Tribute to our Benefactors

After my retirement, my wife and I settled in the South Carolinian low country.  I came to this place to die and to be buried alongside ancestors, who fought in America’s earlier wars. My intentions were to settle my wife before passing on to a better place. I suffered from wounds and injuries due to combat in Vietnam, as well as the complications of an aging wounded warrior. Army doctors had diagnosed me with Post Traumatic Stress Disorder – a condition that complicates life due to the stress of anger, anxiety, and depression that characterize the disorder. My physical condition steadily declined. The signs were unmistakable. My hearing, vision and even walking became chronic problems, as did skin cancer – the result of exposure to Agent Orange. Pain was a constant companion, which over time made exercising difficult. I put on weight. My explosive temper made friendships problematic; and I settled into the life of an angry recluse.

I medicated my PTSD with alcohol. Unfortunately, my temper and depression made life difficult for my wife. She insisted that I seek help from the VA. I went to a VA clinic and was scheduled to see a resident doctor. He found multiple problems that required treatment. He insisted that I begin an exercise program. He made an appointment for me with Doctor Fahy, the staff Psychiatrist. When I met Doctor Fahy, I was walking with crutches to ease the pain of old back injuries I had recently aggravated. He asked where the crutches came from. I responded that the Army issued them to me following a gunshot wound. Doctor Fahy prescribed medication for my stress, anxiety and temper. He asked if I had a problem with alcohol and I replied, “No problem.  I have plenty of beer and wine in the garage and there’s more where that came from.” He was not amused and strictly limited my use of alcohol.

The medication had an immediate impact on my psychological condition, which improved dramatically. The anxiety, depression and anger were reduced overnight. At Doctor Fahy’s suggestion, I began attending weekly meetings of the PTSD therapy group. I found the group discussions disturbing.  Listening to the discussions I felt my temper getting out of control. They brought back ugly memories I never wanted to think about as long as I lived. I complained to Dr. Fahy saying the discussions were useless. He scheduled me for more appointments and encouraged me to continue to meet with the therapy group.  Over time, I came to know the members of the group, especially the veterans with long service in combat units. We became friends and formed an informal support group. We met for coffee between therapy sessions, where we shared war stories; and we discussed memories of combat that haunted us still.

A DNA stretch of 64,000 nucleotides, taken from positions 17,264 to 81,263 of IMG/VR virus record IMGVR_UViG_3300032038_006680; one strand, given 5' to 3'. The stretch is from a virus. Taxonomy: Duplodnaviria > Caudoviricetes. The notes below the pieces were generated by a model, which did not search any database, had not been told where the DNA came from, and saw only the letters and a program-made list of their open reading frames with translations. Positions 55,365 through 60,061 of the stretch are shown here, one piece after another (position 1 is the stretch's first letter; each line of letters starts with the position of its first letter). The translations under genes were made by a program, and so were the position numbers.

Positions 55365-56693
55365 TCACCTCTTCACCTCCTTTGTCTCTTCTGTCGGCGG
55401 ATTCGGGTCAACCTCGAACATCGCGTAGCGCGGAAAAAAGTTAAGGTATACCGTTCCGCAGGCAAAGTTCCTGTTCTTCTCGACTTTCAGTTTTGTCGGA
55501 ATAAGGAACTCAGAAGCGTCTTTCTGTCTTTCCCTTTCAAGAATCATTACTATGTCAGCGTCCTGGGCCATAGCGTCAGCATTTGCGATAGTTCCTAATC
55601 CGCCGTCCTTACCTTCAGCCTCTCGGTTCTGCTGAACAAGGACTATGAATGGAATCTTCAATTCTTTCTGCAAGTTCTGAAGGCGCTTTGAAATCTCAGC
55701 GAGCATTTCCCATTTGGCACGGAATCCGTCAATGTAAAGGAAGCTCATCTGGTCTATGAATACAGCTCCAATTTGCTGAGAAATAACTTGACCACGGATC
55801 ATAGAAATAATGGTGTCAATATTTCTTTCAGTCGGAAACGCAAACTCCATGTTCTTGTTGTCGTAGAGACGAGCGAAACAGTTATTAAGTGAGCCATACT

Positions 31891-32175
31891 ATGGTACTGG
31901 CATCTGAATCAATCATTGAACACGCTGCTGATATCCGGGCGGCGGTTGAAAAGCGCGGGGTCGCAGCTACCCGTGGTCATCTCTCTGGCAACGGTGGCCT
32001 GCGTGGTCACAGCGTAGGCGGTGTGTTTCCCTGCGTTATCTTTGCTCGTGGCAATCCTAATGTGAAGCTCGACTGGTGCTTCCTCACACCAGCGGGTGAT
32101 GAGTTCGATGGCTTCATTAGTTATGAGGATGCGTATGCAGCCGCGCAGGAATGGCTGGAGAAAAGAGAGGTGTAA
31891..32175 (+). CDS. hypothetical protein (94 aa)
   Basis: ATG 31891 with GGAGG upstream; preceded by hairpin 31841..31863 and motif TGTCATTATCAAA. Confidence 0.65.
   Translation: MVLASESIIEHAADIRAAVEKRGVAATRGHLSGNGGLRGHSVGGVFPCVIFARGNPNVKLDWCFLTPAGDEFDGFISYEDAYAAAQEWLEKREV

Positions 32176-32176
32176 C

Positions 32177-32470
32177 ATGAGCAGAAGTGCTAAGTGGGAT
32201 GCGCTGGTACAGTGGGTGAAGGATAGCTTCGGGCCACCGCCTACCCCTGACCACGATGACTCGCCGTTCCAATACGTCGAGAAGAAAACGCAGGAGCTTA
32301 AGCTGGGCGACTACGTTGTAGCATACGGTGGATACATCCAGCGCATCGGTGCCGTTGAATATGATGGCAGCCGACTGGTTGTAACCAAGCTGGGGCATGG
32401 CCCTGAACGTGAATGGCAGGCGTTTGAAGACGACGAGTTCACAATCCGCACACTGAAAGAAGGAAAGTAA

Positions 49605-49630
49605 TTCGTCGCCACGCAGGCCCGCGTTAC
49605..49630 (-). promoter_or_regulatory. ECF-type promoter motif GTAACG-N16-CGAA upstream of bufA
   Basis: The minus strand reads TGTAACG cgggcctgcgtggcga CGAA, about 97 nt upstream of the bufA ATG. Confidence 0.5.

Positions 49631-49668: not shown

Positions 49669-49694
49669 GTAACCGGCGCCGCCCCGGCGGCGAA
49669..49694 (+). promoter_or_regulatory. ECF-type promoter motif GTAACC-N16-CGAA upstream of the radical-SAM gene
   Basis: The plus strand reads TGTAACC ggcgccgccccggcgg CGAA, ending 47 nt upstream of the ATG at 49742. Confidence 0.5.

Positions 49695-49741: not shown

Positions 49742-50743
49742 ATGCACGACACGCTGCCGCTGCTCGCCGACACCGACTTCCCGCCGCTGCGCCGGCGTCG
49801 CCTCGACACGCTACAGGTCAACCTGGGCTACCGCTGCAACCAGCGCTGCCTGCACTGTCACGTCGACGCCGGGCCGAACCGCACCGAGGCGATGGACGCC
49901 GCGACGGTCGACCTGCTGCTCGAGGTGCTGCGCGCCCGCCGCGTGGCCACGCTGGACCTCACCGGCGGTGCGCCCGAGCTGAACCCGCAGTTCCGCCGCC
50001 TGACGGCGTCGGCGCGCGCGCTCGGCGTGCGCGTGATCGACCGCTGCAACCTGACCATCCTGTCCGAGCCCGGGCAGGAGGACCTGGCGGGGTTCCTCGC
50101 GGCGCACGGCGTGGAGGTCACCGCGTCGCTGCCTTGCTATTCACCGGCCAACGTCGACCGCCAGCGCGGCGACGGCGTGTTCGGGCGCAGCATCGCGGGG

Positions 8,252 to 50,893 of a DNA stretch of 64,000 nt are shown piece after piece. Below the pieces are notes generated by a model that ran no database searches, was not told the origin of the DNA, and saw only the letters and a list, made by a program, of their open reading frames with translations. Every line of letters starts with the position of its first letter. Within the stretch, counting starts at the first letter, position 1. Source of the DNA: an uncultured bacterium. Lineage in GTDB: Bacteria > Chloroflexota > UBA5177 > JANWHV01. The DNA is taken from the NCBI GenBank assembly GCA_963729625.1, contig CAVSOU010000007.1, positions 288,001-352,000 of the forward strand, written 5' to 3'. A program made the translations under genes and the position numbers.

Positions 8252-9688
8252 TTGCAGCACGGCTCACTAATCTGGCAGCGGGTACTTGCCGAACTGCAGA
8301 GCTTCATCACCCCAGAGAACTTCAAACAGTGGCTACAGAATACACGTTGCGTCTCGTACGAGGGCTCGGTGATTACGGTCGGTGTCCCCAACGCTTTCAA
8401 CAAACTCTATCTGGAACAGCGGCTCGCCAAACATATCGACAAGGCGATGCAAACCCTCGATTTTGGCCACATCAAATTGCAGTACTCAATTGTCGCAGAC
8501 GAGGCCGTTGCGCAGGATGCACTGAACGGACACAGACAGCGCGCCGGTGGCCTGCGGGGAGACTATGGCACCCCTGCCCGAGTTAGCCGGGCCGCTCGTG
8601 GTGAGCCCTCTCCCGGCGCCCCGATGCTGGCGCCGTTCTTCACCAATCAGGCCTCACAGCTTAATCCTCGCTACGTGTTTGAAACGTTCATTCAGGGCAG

I had come to the home of my ancestors to die, but I did not die. I am alive and a member of a support group that has helped me during difficult times. Tragically, our support group lost senior leaders with much to share, men who had struggled with PTSD and helped others to cope with their demons – the ugly memories that haunt us still. We repeatedly saw close friends and leaders in the group sicken and die, often in a matter of days. Despite the loss of close companions, new veterans have joined the therapy group with difficult problems as those who came before them did.

It may sound trite, but I have no doubt that the VA saved my life. I could not cope with life until the VA treated my problems — physical, psychological, and social – transforming my life in the process. I no longer depend upon alcohol to get through the day. My pain, depression and anger are under semi-control, although I still have periodic meltdowns and continue to be a recluse. I do not associate with those who persecuted veterans upon our return home. I associate with fellow combat veterans with whom I am at peace.

I wish to extend my heartfelt thanks to the doctors, specialists, psychiatrists and administrators of the Department of Veterans Affairs. Without your help, I could not have made it to greet this morning with new promise of unfulfilled expectations. My family thanks you too, as does Clancy my Labrador retriever.

Andy O’Meara, Pawleys Island, SC, 1 August 2010

  1. Alan Phillips says:

    Andy, keep up the fight. All the best to you and yours in 2011. Al

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